Recently, OSHA put grain handling operators “on notice” that it intends to “aggressively pursue” workplace safety violations in the grain handling and storage industries. On August 4, 2010, OSHA Administrator David Michaels sent a letter to over 3,000 grain handling and storage operators warning them that OSHA “will not tolerate” non-compliance with workplace safety standards. A copy of this letter is available at http://www.osha.gov/asst-sec/Grain_letter.html. In a related press...

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The Challenges of DDGS Caking in Transit

January 2011 | Departments |

The challenges of unloading Distillers Dried Grains with Solubles (DDGS), the major co-product of corn ethanol production, from hopper cars or ship cargo holds at their points of destination have been a major logistical problem facing the marketing of DDGS.

Product caking in hopper cars is primarily the major problem when hopper cars turn up “hard” with nonflowable product (Figure 1). This problem has led to two Class I railroad carriers announcing that they will not permit railroad-owned...

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Save with Feed Mill Automation

January 2011 | Feature | By Elise Schafer

Advanced system controls take many functions of day to day feed mill operations out of human hands, reducing labor costs and the risk of error.

Automating major processes also helps facilities achieve maximum uptime, productivity and throughput, while promoting consistent product quality and compliance with safety regulations.

Feed & Grain sat down with experts from today’s leading automation system providers to gain insight on the benefits of implementing automation technology.

Our panel of...

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No Grain, No Gain

January 2011 | Special Report | By Jackie Roembke

J.D. Heiskell & Co., a 125-year-old grain and commodity trading business, motto says it all: “Right feed, right time, right place.” The privately held company as evolved it’s business to stay true to this promise, while maintaing the family values it touts as its foundation. The country's fourth largest feed manufacturing company by volume, J.D. Hesikell has boldly grown in order to keep up with the demands of its customer base, exceeding expectations along the way.

[Quote from chairman of...

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The tide also rises

October/November 2010 | Editors Note | Jackie Roembke

Happy 2011! As we all gladly welcome this new year of opportunity, we as an industry have to be cognizant of political and market trends — both domestically and abroad — to be able to capitalize on and maintain agriculture's momentum.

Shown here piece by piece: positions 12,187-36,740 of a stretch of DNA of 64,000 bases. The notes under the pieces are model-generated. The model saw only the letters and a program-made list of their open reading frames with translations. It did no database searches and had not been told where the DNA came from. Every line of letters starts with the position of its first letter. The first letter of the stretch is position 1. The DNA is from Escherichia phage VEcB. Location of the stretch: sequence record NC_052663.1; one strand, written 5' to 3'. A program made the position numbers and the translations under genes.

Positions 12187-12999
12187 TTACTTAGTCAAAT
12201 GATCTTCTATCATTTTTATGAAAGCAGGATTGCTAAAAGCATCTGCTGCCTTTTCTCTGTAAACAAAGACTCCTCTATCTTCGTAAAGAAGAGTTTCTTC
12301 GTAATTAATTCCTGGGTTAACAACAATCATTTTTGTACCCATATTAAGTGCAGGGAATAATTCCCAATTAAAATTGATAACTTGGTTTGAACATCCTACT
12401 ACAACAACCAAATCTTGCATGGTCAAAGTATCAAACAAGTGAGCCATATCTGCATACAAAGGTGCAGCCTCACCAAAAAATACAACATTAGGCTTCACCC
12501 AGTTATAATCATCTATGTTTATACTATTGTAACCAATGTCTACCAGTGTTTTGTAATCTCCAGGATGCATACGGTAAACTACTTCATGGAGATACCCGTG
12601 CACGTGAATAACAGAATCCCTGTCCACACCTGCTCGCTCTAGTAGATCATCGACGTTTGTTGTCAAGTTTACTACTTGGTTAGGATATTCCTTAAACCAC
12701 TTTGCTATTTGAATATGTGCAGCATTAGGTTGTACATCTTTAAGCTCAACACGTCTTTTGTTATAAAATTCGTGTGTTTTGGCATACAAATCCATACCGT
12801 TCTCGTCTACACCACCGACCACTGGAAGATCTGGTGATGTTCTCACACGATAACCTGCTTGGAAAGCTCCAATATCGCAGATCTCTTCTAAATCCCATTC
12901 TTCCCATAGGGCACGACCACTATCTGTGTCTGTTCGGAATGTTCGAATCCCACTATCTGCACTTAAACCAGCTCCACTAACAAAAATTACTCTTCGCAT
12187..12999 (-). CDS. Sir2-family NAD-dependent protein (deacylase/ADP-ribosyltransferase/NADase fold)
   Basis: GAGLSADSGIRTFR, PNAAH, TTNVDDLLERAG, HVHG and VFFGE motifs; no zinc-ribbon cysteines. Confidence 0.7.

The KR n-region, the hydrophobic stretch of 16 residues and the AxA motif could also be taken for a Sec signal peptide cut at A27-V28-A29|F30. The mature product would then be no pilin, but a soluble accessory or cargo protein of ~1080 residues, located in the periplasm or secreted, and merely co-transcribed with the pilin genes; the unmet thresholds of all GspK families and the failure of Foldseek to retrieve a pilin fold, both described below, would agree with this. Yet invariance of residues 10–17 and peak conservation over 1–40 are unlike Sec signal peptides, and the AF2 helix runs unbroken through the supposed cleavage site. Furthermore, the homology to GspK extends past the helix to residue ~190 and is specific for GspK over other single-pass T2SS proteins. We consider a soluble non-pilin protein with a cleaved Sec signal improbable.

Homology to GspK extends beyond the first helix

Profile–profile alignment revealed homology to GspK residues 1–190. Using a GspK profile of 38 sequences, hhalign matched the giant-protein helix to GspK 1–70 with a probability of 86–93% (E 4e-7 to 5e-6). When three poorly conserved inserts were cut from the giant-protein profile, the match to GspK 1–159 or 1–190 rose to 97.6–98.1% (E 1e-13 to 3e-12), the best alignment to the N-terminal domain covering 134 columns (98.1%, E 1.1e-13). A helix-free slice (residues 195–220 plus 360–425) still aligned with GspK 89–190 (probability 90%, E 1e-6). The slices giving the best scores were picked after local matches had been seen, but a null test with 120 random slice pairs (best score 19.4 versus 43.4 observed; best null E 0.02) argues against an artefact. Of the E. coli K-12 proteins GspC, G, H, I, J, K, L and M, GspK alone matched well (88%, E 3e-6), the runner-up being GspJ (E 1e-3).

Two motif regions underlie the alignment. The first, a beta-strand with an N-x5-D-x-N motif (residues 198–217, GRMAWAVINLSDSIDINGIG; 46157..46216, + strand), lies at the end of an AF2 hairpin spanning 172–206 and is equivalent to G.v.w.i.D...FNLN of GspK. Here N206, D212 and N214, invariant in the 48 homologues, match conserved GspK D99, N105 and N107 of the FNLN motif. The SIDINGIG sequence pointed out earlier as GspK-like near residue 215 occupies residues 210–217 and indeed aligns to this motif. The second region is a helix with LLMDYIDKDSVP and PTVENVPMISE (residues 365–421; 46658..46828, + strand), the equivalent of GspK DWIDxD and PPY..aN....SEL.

In early December I attended my first National Feed & Grain Association's Annual Country Elevator Conference. The dynamic and informative line-up of speakers touched on everything from hot-button regulatory issues to the financing tools; however, there seemed...

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How to maximize dust control

October/November 2010 | Feature | By Jackie Roembke

Government agencies are poised to more strictly enforce regulations, and operators in the grain handling and feed manufacturing industry are going to need to know the rules as they evolve or face the consequences.

The US Chemical Safety and Hazard Investigation Board (CSB) study sharpened its focus in 2006 with its Combustible Dust Hazard Study, in which it reported that from 1980 to 2005, combustible dusts caused 281 incidents that killed 119 workers and injured 718. Even with the...

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KC Wheat Futures Shift Gears

October/November 2010 | Departments | By Diana Klemme

2010 has been rough on hard red wheat farmers, merchants, and the Kansas City Board of Trade. Farmers watched KC wheat drift lower from late 2009 until harvest. Exporters struggled to sell hard red wheat before harvest against cheaper overseas offers. But adverse weather slashed Canada’s wheat crop by 17% and the FSU crop by almost 30% and wheat futures climbed as the scope of the problems widened.

Then a 1+ billion bushel US hard red wheat harvest arrived. Terminals were ready, the early...

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Elevator Pitches for Elevators

October/November 2010 | Departments | Drs. Joan Fulton, John Foltz, Nicole Olynk and C. Gustav Helmers

Elevator pitches, or elevator talks, have received considerable attention recently in the media and business press. Elevator pitches got their name because they were originally associated with the scenario where an entrepreneur had the time it took for the elevator to go from the lobby to the executive suite (about two minutes) to convince the would-be investor of the value of his/her business or invention. The concept has evolved and now is used to fit a variety of important interactions...